By Bellevue Christian counseling
Stores are in full swing of selling back to school items, which is a sure sign that summer is coming to an end. Summer is a great time to relax, enjoy the sun and be together as a family. Your children may feel excited, nervous or have mixed feelings as they think about going back to school. Here are some ways to help prepare them for the transition.
1. Restart the normal bedtime routine again.
Often during the summer, routines go a little lax because of vacations and it staying lighter later. At least one week before school starts, it’s a great idea to get your children back into their normal bedtime routine. This will help reintroduce the routine that your child is used to during the school year.
2. Read books about the transition.
If your child is feeling nervous about starting school, there are some great books that you can read together.
o First Day Jitters by Julie Dannenberg follows several adults and children as they get ready for the first day back to school. The surprise ending also adds for some laughs for parents and children.
o The Kissing Hand by Audrey Penn is a great book if your child has a difficult time with goodbyes.
o Lunch Money and Other Poems about School by Carol Diggory Shields has fun rhymes that get children excited about what they have to look forward to about school.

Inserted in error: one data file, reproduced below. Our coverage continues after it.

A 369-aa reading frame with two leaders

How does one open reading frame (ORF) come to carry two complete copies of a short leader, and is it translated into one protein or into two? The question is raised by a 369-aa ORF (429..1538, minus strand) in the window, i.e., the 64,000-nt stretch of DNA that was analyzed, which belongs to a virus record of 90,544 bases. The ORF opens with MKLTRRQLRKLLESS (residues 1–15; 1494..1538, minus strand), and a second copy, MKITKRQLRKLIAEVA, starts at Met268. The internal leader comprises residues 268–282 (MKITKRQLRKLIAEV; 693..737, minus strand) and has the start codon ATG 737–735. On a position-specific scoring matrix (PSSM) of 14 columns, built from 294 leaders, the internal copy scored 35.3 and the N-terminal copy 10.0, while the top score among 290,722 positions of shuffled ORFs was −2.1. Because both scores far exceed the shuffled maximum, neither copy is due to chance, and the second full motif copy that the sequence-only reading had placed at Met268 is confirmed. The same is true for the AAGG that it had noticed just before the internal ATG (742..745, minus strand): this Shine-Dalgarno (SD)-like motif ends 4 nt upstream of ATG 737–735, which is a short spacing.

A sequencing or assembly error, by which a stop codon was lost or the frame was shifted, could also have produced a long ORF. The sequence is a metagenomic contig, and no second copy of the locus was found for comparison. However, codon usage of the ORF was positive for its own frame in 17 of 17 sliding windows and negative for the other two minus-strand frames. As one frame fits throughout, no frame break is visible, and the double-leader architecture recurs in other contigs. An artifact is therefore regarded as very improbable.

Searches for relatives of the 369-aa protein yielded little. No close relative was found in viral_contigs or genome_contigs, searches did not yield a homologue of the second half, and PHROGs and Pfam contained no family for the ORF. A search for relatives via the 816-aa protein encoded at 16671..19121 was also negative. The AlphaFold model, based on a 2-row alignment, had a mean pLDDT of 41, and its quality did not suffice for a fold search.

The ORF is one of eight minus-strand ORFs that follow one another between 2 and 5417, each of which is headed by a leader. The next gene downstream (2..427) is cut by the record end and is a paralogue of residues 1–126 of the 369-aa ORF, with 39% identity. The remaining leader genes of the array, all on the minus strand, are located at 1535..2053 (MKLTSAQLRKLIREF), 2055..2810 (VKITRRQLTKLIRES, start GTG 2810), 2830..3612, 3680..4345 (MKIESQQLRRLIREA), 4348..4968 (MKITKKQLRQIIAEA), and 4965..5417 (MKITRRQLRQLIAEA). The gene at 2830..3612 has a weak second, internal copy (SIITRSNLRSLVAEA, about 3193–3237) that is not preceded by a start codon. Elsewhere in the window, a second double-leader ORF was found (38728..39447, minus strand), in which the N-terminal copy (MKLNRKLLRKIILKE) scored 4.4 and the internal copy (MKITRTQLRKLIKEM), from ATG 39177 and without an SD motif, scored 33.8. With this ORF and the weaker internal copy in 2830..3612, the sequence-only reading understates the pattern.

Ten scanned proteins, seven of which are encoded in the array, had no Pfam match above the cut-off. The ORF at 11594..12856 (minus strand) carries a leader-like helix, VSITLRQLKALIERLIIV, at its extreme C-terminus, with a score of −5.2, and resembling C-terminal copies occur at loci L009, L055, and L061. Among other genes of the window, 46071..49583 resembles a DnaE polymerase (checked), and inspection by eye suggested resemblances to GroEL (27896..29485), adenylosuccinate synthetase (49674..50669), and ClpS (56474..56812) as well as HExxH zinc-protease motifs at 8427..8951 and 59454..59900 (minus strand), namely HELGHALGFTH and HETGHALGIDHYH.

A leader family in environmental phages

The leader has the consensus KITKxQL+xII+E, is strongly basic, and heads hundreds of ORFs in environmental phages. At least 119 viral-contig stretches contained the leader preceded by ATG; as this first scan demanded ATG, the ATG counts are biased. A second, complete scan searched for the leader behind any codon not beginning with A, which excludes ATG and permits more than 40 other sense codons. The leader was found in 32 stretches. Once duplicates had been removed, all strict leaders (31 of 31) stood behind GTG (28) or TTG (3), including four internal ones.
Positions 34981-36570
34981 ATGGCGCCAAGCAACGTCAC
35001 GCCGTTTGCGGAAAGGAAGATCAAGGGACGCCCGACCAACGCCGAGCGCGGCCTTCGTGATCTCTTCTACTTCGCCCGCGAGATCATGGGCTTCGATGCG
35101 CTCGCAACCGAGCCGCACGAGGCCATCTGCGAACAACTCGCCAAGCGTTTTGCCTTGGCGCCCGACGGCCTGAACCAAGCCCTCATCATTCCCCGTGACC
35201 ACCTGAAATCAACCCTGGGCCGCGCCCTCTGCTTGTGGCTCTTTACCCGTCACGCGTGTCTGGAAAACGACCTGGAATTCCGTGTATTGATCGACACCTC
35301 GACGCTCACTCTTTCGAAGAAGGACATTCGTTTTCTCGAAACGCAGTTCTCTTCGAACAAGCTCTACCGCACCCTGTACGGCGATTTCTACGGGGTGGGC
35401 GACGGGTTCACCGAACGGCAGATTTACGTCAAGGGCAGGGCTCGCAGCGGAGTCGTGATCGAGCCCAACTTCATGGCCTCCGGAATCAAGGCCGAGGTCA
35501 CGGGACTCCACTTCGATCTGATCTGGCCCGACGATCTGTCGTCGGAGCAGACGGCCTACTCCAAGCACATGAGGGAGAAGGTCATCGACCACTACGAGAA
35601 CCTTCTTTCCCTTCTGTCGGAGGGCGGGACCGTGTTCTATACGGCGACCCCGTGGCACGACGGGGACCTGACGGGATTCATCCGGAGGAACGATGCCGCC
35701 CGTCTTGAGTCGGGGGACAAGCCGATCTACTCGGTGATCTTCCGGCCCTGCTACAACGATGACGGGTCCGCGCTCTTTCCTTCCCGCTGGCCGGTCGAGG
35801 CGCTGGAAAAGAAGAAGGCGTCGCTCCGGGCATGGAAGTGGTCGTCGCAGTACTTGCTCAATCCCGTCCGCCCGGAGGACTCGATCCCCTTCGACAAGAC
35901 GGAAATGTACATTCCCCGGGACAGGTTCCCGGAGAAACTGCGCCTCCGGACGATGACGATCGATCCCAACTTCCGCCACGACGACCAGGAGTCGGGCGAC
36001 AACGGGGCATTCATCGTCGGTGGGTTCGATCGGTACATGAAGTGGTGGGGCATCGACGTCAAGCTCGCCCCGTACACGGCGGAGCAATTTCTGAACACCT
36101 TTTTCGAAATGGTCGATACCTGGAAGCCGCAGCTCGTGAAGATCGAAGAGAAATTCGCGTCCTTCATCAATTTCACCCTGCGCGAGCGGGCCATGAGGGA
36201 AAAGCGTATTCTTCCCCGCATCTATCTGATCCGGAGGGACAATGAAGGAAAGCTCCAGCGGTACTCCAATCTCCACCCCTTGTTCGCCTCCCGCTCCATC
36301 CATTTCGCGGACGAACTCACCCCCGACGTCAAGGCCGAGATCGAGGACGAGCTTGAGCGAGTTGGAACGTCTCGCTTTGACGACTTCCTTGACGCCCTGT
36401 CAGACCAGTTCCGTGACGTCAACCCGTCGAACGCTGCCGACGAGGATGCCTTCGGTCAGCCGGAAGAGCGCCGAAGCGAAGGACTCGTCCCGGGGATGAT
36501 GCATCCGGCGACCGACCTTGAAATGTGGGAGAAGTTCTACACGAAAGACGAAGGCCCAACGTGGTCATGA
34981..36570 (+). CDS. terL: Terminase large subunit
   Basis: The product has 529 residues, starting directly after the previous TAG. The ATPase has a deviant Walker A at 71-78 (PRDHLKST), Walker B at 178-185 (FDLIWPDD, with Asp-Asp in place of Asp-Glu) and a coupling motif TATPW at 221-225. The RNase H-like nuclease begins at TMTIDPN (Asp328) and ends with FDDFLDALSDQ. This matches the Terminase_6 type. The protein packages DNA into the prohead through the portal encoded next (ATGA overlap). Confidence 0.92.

o American Girl’s A Smart Girl’s Guide to Starting Middle School is a great resource to answer questions that girls might have about making the transition from elementary school to middle school.
3. Walk your child through the school day routine.
Children find comfort in structure and routine. Writing out their weekday school schedule and posting it in the kitchen or in their room is a great way to help them know what their days will look like. The schedule can be as detailed as your child needs it to be. For example, the schedule could start with the time they wake up and end at bedtime.
4. Drive by the school and walk around the campus.
If your child is starting school for the first time or is starting at a new school, allowing them to actually see where they will be going can help ease nervousness. It may even help to walk around the school so the child can visualize the location of their classroom and other buildings on the campus.
5. Write your child a note in their lunch for the first week.
This will let your child know that you are thinking of them and give them encouragement halfway through the school day.
6. Plan a small celebration.
Surprise your children with a mini celebration for successfully making it through their first week back. Maybe it’s ice cream or some reminder of summer or it’s their favorite treat. If you want to make it a bigger party, you could invite their new friends.
If you find that your child’s initial nerves about going back to school do not subside, counseling may be a good option to rule out anxiety and to find out the source of their anxiety. A child’s anxiety is considered significant if it is seems excessive in comparison to the situation and is disrupting his or her life. An initial meeting with a counselor and reviewing your child’s situation will allow you to gain insight about what may be going on and further steps for you and your child.
Images cc: freedigitalphotos.com -“Girl Reading Books” by Stuart Miles
“A Schoolboy And His Teacher” by Paul Gooddy
“Girl Receiving Presents” by Stuart Miles